Chinese Medicine

Traditional Chinese medicine (TCM) is an alternative medicine based on syndrome differentiation and a holistic concept. TCM has over 5000 years of history and still blossoming all over the world. TCM regards the viscera (Zang-Fu) as the core of the human body, all the tissues and organs through channels in the human body. Qi acts as an information carrier and is reflected through the meridian system. In TCM pathology, dysfunction of Zang-fu organs can reflect on the surface of the body through the meridian network. And the blockage of meridians can affect relevant viscera. The affected visceral organs may also be affected by internal connections. TCM treatment starts with the analysis of the whole system and then tries to readjust the functions of the viscera and correct the lesions.

Typical treatments of traditional Chinese medicine include acupuncture, traditional Chinese medicine and Qigong.

Acupuncture and moxibustion are based on the theory of meridians, which holds that Qi and Blood circulate through the body through a system called meridians, connecting internal organs to external organs or tissues. Using acupuncture or moxibustion to stimulate specific points on the meridians can adjust the flow of Qi and blood, thus curing the disease. These points of stimulation are called acupuncture points or acupoints.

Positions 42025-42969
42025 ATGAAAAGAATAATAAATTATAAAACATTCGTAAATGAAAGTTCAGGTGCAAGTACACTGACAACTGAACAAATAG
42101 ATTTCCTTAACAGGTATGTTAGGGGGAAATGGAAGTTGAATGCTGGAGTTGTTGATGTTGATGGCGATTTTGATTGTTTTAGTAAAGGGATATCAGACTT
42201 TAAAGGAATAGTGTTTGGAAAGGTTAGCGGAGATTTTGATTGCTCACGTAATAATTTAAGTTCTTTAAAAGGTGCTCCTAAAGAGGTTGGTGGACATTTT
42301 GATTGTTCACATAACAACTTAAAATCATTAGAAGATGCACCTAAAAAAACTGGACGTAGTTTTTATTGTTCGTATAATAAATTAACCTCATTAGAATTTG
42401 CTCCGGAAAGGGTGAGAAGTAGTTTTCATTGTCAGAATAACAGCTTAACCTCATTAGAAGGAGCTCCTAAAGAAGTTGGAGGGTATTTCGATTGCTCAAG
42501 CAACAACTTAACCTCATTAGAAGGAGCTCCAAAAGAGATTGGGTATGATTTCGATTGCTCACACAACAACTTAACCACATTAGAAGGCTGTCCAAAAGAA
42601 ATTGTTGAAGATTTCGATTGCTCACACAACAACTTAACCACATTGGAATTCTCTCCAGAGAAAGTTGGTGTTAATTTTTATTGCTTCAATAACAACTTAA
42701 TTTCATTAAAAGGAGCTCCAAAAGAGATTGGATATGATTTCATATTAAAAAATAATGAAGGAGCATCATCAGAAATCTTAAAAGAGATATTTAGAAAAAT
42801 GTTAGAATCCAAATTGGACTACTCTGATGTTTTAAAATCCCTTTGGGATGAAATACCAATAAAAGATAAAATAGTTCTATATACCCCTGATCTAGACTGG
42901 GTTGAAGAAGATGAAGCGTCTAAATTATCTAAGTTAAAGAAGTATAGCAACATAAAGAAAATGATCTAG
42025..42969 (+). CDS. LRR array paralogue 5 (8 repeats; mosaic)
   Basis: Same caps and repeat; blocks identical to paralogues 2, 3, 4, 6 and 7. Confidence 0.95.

Chinese herbs have been used for centuries. Among the earliest literature are lists of prescriptions for specific ailments, exemplified by the manuscript “Recipes for 52 Ailments”, found in the Mawangdui which were sealed in 168 BC. Over 400 plants are used in Chinese herbal medicine and this includes commonly known herbs such as cinnamon, raspberry, and turmeric. Traditional Chinese herbal medicine is based on the concepts of Yin and Yang, and it aims to balance and harmony the two. herbal medicine can address unhealthy body patterns that manifest in a variety of symptoms and complaints.

Qigong through the adjustment of Qi, the body system to restore the orderly flow. Like the theory of Yin and Yang, the concept of Qi comes from ancient Chinese philosophy, which holds that everything is connected. In TCM, Qi is regarded as the essential material of the human body, and its movement can explain various life processes. Qi physiologically constitutes, supplements and nourishes the human body. Qi is often referred to as “essence” because it is believed to be the driving energy from the essence to ensure the various life processes.